Transition to Practice will occur in the final year and will consist of six blocks in pediatric neurology and six blocks in electives. Elective choices include EEG-Epilepsy, Neuromuscular-EMG, Neuro-Ophthalmology, Psychiatry, Movement Disorders, Headache, Stroke, Neuro-oncology, Research and Metabolic Disorders.
The trainee will attend a 1/2 day pediatric neurology clinic throughout their PGY-1 and PGY-2 years (when possible) with an attending pediatric neurologist. In the PGY-3 through PGY-5 years residents develop their own longitudinal clinic where independence and responsibility for patient care is emphasized. Residents are assigned one faculty to supervise the resident clinic throughout their senior years.
The trainee will be supported to attend one national or international educational meeting in Pediatrics (American Academy, etc.) or Neurology (American Academy, Canadian Neurological Congress, etc.) every year, starting with PGY-1.
Electives at outside institutions (outside Calgary) are encouraged and must meet Royal College standards for goals and objectives, and be approved by the Director and the Committee in good time.
The trainee is required to prepare a research proposal under the mentorship of one or more neurologists during their Research Block in PGY-1 and submit it to PNRTC. The resident may request additional research blocks during PGY3-5, in discussion with their research supervisor and program director.
Seminars and Rounds
There are almost daily rounds of excellent educational value in our program. The main rounds include the following:
Monday: Developmental Neuroscience Rounds - a mix of clinical and basic science from local and guest speakers on all topics related to Pediatric Neuroscience.
Tuesday: Pediatric Neuroradiology Case Rounds and Pedatric Neurology Clinical Case Rounds - these rounds relate to clinical cases seen on the inpatient services as well as cases seen in outpatient clinics. The focus of these rounds is resident education and mastery of clinical evaluation.
Tuesday: Neurology Academic Half-day - a mixture of general neurology as well as a newly developed curriculum specific to Pediatric Neurology.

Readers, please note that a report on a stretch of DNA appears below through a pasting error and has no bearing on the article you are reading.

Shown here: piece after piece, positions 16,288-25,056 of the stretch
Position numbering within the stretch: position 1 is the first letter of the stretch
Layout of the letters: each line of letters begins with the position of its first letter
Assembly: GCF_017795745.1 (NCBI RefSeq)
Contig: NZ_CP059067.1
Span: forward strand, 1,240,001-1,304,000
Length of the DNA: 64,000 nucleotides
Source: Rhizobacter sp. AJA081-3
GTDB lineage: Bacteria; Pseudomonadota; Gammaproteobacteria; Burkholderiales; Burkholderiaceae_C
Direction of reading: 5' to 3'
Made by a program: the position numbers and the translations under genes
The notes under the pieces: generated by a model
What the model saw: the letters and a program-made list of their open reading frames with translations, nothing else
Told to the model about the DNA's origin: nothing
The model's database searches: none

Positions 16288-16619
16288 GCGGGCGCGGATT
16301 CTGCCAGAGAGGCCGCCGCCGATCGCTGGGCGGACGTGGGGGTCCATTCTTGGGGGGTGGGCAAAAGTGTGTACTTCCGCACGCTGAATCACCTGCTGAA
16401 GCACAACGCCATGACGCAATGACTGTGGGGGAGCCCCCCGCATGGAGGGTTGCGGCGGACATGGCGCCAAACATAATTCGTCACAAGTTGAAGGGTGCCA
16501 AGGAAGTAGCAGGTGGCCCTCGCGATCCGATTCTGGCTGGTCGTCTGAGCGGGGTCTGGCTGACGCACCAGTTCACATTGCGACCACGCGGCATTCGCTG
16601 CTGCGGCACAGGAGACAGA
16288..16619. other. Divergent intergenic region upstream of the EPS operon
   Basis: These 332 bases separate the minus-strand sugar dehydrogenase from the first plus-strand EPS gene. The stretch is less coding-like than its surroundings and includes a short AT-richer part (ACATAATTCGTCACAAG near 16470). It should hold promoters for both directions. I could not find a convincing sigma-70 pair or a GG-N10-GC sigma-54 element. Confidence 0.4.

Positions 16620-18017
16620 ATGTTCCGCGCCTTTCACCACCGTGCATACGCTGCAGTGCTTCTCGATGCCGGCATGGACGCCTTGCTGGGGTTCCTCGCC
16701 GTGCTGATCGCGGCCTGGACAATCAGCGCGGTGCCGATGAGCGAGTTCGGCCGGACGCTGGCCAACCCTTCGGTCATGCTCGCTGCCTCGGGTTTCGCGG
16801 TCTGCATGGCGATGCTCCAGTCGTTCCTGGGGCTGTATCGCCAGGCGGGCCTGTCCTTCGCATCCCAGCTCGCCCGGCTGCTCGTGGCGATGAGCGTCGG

Wednesday: General Pediatric Grand Rounds - a diverse set of educational rounds from general pediatrics as well as most subspecialties.
Wednesday: Weekly tutorial (1-2 hours) during Pediatric Neurology Rotation - led by Pediatric Neurology Residents.
Friday: City-wide Neurosciences Grand Rounds - this two hour weekly session features resident led case presentations from Neurology, Neurosurgery and Physiatry followed by a formal lecture from invited speakers.
A multitude of Pediatric and Adult Neurology sub-specialty rounds are also available each week and include those from the following programs; brain injury, epilepsy, stroke, neuromuscular, multiple sclerosis, and neuropathology.
Alberta Children's Hospital
Alberta Children's Hospital Research Institute
Peter Lougheed Hospital
South Health Campus
Electronic resources: Children's Hospital Library, Foothills Hospital Library, clinic area and residents' room have computers on-line. All residents are also part of the University of Calgary and have electronic access to databases through the University.
We have 11 full-time Pediatric Neurologists with clinical and research interests in pediatric epilepsy, headaches, brain injury, neurocritical care, neuromuscular disease, neuropathology, neuroembryology, demyelination and autoimmune disorders and cerebrovascular disease.
Residents may do electives in other provinces as well as internationally, upon approval.
In Pediatric Neurology, the resident attends 2 to 3 half-day clinics per week. About 20 inpatient consultations per week are shared amongst the residents (usually there are one to two other residents from pediatrics and/or adult neurology). In Adult Neurology, there are clinic rotations and inpatient rotations with variable numbers of consultations, but generally of higher volume than the pediatric neurology rotations.
At this point, no mandatory rural rotations are required as part of this training program. However, interested residents may have an opportunity to do a rotation with a community Pediatric Neurologist to gain experience into this important career path.
|SUMMARY ID||Section||Summary of changes||Updated on||NOTIFY APPLICANTS||SECTION NAME||Actions|